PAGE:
Skip to page content
USDA Forest Service
  
Treesearch

Research & Development Treesearch

 
Treesearch Home
About Treesearch
Contact Us
Research & Development
Forest Products Lab
International Institute of Tropical Forestry
Northern
Pacific Northwest
Pacific Southwest
Rocky Mountain
Southern
Help
 

GeoTreesearch


Science.gov - We Participate


USA.gov  Government Made Easy


Global Forest Information Service

US Forest Service
P.O. Box 96090
Washington, D.C.
20090-6090

(202) 205-8333

You are here: Home / Search / Publication Information
Bookmark and Share

Publication Information

(352 KB)

Title: Inferring geographic isolation of wolverines in California using historical DNA

Author: Schwartz, Michael K.; Aubry, Keith B.; McKelvey, Kevin S.; Pilgrim, Kristine L.; Copeland, Jeffrey P.; Squires, John R.; Inman, Robert M.; Wisely, Samantha M.; Ruggiero, Leonard F.

Date: 2007

Source: Journal of Wildlife Management. 71(7): 2170-2179.

Publication Series: Journal/Magazine Article (JRNL)

Description: Delineating a species' geographic range using the spatial distribution of museum specimens or even contemporary detection-non-detection data can be difficult. This is particularly true at the periphery of a species range where species' distributions are often disjunct. Wolverines (Gulo gulo) are wide-ranging mammals with discontinuous and potentially isolated populations at the periphery of their range. One potentially disjunct population occurred in the Sierra Nevada Mountains, California, USA, and appears to have been extirpated by the 1930s. Many early 20th century naturalists believed that this population was connected to other populations occurring in the Cascade Range of northern California, Oregon, and Washington, USA, but a recent analysis of historical records suggests that California wolverines were isolated from other populations in North America. We used DNA extracted from museum specimens to examine whether California wolverines were isolated. Both nuclear and mitochondrial DNA data indicate that California wolverines were genetically distinct from extant populations, suggesting long-term isolation. We identified 2 new control region (mitochondrial DNA) haplotypes located only within California. We used these data and referenced sequences from the Rocky Mountains, USA, to make inferences regarding potential wolverine translocations into California. In addition, we used these genetic data to make inferences about wolverine conservation throughout western North America.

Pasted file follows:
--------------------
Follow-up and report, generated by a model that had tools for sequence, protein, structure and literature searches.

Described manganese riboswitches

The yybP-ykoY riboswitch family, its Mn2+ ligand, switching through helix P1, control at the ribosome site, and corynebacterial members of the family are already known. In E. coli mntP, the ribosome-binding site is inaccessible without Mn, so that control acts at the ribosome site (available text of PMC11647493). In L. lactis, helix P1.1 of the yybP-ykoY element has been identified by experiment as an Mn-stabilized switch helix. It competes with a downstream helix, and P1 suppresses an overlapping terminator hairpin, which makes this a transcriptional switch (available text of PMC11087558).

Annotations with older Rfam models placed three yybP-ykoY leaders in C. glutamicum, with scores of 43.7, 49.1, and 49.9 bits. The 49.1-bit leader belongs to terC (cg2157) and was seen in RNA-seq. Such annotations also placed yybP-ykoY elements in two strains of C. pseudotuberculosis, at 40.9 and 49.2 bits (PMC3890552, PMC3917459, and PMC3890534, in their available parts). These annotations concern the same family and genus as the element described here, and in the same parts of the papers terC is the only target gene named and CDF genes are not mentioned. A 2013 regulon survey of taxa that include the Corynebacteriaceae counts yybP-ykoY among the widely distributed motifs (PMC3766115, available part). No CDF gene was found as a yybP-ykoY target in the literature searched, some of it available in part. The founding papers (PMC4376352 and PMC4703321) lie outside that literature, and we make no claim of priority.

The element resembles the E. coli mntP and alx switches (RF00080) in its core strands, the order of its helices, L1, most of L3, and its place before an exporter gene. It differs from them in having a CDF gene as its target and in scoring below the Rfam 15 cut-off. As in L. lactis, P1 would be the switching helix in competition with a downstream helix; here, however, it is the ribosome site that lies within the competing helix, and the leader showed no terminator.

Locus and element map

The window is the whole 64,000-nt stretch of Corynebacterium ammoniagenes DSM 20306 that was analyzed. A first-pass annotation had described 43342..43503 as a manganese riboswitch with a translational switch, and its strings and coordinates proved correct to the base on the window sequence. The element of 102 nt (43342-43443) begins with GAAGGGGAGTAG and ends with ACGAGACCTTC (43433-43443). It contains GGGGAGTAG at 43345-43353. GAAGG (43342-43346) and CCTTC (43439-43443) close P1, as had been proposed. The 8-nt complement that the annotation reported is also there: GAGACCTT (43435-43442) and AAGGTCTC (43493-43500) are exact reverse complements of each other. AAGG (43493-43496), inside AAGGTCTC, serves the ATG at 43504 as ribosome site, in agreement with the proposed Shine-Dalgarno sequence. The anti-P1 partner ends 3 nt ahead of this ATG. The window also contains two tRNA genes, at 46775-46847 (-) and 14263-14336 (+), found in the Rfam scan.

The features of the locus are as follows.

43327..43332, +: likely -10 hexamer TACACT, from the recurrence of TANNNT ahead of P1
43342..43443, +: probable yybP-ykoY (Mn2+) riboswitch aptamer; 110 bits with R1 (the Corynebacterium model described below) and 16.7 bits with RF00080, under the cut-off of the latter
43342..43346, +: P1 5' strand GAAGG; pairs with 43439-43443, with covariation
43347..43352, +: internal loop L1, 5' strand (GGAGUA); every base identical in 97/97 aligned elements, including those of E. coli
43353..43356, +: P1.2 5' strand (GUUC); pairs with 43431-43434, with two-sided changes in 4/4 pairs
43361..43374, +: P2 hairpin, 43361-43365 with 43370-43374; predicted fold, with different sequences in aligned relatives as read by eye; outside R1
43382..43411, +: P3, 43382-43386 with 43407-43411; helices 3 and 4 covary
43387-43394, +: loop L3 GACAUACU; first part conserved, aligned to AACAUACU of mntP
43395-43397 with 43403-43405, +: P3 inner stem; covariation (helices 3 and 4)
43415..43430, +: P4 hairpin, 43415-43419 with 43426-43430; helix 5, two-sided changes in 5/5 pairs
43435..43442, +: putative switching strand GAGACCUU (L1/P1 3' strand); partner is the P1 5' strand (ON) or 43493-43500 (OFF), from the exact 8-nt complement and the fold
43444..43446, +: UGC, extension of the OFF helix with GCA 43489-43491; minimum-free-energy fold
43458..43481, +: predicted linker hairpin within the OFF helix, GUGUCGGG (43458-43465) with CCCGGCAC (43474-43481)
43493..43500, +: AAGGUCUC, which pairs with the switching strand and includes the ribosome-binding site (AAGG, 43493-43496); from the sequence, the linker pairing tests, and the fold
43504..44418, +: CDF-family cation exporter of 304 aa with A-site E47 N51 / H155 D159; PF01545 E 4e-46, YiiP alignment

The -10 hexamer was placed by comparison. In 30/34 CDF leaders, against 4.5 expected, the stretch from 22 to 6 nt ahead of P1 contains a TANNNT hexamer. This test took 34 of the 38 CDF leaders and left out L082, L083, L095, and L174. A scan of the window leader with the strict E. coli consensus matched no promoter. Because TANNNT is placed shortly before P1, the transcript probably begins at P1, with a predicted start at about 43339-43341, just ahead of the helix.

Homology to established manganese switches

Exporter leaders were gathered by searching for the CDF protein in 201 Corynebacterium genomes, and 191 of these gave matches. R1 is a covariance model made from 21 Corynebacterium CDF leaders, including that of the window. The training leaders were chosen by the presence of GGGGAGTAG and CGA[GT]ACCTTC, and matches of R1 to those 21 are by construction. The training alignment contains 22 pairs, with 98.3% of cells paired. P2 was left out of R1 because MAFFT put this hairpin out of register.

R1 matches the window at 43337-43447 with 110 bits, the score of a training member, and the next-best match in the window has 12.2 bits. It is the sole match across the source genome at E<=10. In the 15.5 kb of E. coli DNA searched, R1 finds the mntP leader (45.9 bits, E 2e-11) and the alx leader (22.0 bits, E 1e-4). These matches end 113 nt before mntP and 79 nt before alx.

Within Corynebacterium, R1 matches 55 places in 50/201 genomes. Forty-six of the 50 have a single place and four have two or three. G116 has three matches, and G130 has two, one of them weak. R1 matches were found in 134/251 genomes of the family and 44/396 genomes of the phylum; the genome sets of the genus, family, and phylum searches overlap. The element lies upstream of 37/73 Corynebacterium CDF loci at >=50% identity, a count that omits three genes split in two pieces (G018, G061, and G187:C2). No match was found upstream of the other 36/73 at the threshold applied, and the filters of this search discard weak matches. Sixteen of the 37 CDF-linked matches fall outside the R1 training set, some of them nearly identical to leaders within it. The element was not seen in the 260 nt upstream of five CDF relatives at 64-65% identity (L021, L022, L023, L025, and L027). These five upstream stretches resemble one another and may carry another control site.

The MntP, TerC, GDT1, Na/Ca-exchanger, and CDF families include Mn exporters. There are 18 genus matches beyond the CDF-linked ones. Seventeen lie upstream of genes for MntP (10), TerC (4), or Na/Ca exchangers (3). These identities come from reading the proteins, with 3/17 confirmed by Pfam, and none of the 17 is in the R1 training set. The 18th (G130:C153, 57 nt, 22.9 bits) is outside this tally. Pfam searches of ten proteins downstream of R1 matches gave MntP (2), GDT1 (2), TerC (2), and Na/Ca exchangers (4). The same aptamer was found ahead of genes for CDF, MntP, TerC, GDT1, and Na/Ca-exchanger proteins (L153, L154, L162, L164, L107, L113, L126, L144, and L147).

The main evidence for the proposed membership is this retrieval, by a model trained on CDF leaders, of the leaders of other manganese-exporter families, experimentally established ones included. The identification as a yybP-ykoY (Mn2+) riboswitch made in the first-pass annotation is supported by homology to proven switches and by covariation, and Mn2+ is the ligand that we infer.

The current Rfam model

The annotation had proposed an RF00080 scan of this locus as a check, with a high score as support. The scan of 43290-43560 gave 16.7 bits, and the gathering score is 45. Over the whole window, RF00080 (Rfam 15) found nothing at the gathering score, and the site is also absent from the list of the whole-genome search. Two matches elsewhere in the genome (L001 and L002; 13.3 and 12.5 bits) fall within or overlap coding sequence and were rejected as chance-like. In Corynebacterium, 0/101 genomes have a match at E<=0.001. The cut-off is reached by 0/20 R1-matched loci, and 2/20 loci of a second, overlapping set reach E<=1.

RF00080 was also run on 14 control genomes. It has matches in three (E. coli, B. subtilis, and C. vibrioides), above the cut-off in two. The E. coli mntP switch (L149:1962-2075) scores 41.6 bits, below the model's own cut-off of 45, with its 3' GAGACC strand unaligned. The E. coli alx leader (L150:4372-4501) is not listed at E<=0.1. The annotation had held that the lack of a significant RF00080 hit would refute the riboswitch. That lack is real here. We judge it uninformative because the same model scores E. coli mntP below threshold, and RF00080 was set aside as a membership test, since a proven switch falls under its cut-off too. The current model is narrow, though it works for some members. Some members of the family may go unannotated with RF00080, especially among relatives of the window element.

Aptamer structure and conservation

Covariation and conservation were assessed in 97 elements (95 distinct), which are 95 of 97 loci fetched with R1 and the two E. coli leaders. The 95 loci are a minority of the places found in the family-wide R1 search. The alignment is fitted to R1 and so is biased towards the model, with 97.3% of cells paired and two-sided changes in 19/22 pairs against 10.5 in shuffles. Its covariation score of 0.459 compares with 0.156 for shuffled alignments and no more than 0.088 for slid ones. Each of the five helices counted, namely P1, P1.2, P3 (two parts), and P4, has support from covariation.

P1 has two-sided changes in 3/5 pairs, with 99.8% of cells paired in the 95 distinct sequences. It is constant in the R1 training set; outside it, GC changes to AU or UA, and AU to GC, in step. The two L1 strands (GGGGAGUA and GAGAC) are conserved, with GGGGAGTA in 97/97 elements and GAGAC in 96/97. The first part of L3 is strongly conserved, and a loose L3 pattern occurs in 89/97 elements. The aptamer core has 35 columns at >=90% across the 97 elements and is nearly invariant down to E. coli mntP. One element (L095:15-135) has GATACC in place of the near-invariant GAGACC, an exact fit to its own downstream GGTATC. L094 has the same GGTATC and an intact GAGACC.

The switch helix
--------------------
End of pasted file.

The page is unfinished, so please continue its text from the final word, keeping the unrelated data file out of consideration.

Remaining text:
Keywords: distribution, geographic range, Gulo gulo, historical DNA, management units, microsatellite, mitochondrial DNA, reintroduction, translocations, wolverines

Publication Notes:

  • We recommend that you also print this page and attach it to the printout of the article, to retain the full citation information.
  • This article was written and prepared by U.S. Government employees on official time, and is therefore in the public domain.

XML: View XML

Citation:


Schwartz, Michael K.; Aubry, Keith B.; McKelvey, Kevin S.; Pilgrim, Kristine L.; Copeland, Jeffrey P.; Squires, John R.; Inman, Robert M.; Wisely, Samantha M.; Ruggiero, Leonard F. 2007. Inferring geographic isolation of wolverines in California using historical DNA. Journal of Wildlife Management. 71(7): 2170-2179.

 


 [ Get Acrobat ]  Get the latest version of the Adobe Acrobat reader or Acrobat Reader for Windows with Search and Accessibility

USDA logo which links to the department's national site. Forest Service logo which links to the agency's national site.